Forum: Ruby STDIN, OUT, ERR and $stdin, out, err - Differences?

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Terry C. (Guest)
on 2009-06-06 05:14
Can anyone explain what's happening here?

print $stdin.fileno  => 0
print $stdout.fileno => 0
print $sterr.fileno  => 0

print STDIN.fileno  => 0
print STDOUT.fileno => 1
print STDERR.fileno => 2

print STDOUT.object_id     => 21673330
print $stdout.object_id    => 21673330

I get the same results in and out of eclipse and with irb

ruby 1.8.6, XP

Many thanks.
Jeff M. (Guest)
on 2009-06-07 02:43
Terry C. wrote:
> Can anyone explain what's happening here?
>
> print $stdin.fileno  => 0
> print $stdout.fileno => 0
> print $sterr.fileno  => 0
>
> print STDIN.fileno  => 0
> print STDOUT.fileno => 1
> print STDERR.fileno => 2
>
> print STDOUT.object_id     => 21673330
> print $stdout.object_id    => 21673330
>
> I get the same results in and out of eclipse and with irb
>
> ruby 1.8.6, XP
>
> Many thanks.

Simply, STDIN, STDOUT, STDERR are CONSTANTS and
$stdin, $stdout, and $stderr are global variables.

They are the same initially but the variables can
be re-assigned.
Luis L. (Guest)
on 2009-06-07 04:16
(Received via mailing list)
On Jun 5, 10:14 pm, Terry C. <removed_email_address@domain.invalid> wrote:
> print STDOUT.object_id     => 21673330
> print $stdout.object_id    => 21673330
>
> I get the same results in and out of eclipse and with irb
>
> ruby 1.8.6, XP
>
> Many thanks.

Differences between $stdout and STDOUT:

http://blog.segment7.net/articles/2006/08/17/stdou...

The bottom line is don't mess with STDOUT and use $stdout instead.

Regards,
Brian C. (Guest)
on 2009-06-07 21:34
Terry C. wrote:
> Can anyone explain what's happening here?
>
> print $stdin.fileno  => 0
> print $stdout.fileno => 0
> print $sterr.fileno  => 0

Copy-paste error? The third line is clearly a typo for $stderr, and
under Linux at least these give 0, 1, 2 respectively.
Janos S. (Guest)
on 2009-06-08 12:00
(Received via mailing list)
On Sun, Jun 7, 2009 at 7:34 PM, Brian C. <removed_email_address@domain.invalid>
wrote:

>
> Copy-paste error? The third line is clearly a typo for $stderr, and
> under Linux at least these give 0, 1, 2 respectively.
> --
> Posted via http://www.ruby-forum.com/.
>
>
I can confirm this is true on WinXP, Ruby 1.8.7 and 1.9.1
Brian C. (Guest)
on 2009-06-08 16:39
Janos S. wrote:
> On Sun, Jun 7, 2009 at 7:34 PM, Brian C. <removed_email_address@domain.invalid>
> wrote:
>
>>
>> Copy-paste error? The third line is clearly a typo for $stderr, and
>> under Linux at least these give 0, 1, 2 respectively.
>
> I can confirm this is true on WinXP, Ruby 1.8.7 and 1.9.1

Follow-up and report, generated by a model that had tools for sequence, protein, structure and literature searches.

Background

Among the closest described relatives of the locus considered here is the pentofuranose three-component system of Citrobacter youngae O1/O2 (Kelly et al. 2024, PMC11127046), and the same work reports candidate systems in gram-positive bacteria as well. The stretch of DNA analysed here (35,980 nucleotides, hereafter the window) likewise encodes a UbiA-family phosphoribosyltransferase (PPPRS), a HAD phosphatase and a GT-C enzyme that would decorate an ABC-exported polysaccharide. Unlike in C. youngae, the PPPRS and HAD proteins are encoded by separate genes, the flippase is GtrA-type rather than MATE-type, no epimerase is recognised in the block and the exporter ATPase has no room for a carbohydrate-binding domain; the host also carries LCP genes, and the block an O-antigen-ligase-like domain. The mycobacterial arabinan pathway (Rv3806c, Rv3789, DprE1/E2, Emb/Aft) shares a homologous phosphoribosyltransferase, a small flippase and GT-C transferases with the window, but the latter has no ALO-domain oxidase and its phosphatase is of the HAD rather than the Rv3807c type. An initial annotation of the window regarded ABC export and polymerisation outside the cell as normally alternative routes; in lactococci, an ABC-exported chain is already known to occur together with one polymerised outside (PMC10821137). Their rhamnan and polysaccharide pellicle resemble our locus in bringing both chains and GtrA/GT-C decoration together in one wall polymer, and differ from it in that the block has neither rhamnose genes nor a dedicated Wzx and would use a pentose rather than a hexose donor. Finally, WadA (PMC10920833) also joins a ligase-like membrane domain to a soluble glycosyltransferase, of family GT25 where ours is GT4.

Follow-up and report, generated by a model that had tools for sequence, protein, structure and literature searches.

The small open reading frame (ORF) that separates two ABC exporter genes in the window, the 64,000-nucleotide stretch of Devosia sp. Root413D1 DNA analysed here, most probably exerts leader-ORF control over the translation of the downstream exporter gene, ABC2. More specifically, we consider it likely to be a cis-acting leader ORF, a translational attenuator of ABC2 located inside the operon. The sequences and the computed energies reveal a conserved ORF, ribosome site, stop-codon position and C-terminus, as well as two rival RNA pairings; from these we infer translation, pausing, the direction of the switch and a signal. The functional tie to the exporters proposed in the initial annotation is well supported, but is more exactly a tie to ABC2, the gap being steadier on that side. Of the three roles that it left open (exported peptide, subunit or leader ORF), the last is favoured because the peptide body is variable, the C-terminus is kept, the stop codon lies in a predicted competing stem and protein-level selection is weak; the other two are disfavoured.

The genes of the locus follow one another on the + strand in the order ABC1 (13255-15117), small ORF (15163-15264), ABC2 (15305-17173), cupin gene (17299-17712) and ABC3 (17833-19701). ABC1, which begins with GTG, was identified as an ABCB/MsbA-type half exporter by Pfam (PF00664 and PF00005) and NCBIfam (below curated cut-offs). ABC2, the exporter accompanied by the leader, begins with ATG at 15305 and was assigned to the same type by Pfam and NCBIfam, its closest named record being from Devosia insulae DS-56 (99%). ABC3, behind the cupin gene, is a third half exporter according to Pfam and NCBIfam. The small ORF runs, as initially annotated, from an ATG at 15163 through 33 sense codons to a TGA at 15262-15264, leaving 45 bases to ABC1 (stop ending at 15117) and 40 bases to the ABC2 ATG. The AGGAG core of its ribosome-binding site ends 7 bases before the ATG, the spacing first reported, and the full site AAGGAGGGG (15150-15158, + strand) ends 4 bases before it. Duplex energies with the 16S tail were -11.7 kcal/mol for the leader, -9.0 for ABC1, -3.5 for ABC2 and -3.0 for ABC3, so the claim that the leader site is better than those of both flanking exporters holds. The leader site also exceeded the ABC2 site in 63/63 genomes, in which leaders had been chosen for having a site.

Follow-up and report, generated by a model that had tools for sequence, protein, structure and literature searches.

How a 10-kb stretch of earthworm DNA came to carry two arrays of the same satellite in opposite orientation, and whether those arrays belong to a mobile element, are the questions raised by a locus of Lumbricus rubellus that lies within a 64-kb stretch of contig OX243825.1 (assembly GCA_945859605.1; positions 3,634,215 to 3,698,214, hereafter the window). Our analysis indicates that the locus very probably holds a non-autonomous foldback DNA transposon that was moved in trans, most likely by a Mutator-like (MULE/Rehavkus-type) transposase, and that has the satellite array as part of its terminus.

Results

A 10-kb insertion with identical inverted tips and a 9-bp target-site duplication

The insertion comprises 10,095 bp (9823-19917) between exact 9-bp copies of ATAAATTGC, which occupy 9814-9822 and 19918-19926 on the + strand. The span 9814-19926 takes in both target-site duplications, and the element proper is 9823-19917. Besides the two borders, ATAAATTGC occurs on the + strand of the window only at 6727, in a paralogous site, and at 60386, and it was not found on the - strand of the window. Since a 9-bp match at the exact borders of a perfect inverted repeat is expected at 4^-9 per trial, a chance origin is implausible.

That makes no sense. The OP said that $stdout.fileno != STDOUT.fileno,
and yet $stdout.object_id == STDOUT.object_id

It can't be the same object, but respond to the same method differently.

What do you get from this? Run it as a standalone ruby script, not
within irb, to eliminate irb as the source of the problem.

puts STDOUT.fileno
puts $stdout.fileno
puts STDOUT.inspect
puts $stdout.inspect
# and repeat for STDERR/$stderr
Brian C. (Guest)
on 2009-06-08 16:50
Brian C. wrote:
> Janos S. wrote:
>> On Sun, Jun 7, 2009 at 7:34 PM, Brian C. <removed_email_address@domain.invalid>
>> wrote:
>>
>>>
>>> Copy-paste error? The third line is clearly a typo for $stderr, and
>>> under Linux at least these give 0, 1, 2 respectively.
>>
>> I can confirm this is true on WinXP, Ruby 1.8.7 and 1.9.1

Maybe I misunderstood, and you were confirming my interpretation to be
true, not the OP's :-)

Anyway I've just booted a laptop into XP, and done this:

C:\>ruby
puts STDOUT.fileno
puts $stdout.fileno
puts STDOUT.inspect
puts $stdout.inspect
puts STDERR.fileno
puts $stderr.fileno
puts STDERR.inspect
puts $stderr.inspect
^Z
1
1
#<IO:0x2846af0>
#<IO:0x2846af0>
2
2
#<IO:0x2846adc>
#<IO:0x2846adc>

C:\>ruby -v
ruby 1.8.6 (2007-09-24 patchlevel 111) [i386-mswin32]

This version of Ruby came from the 'one-click installer' Ruby-186-26

And FWIW, I get the same in irb too.

HTH,

Brian.
Janos S. (Guest)
on 2009-06-09 09:48
(Received via mailing list)
>>Maybe I misunderstood, and you were confirming my interpretation to be
>>true, not the OP's :-)

;) Yes, I meant you were right; it's working as intended (0, 1, 2  ) on
windows.
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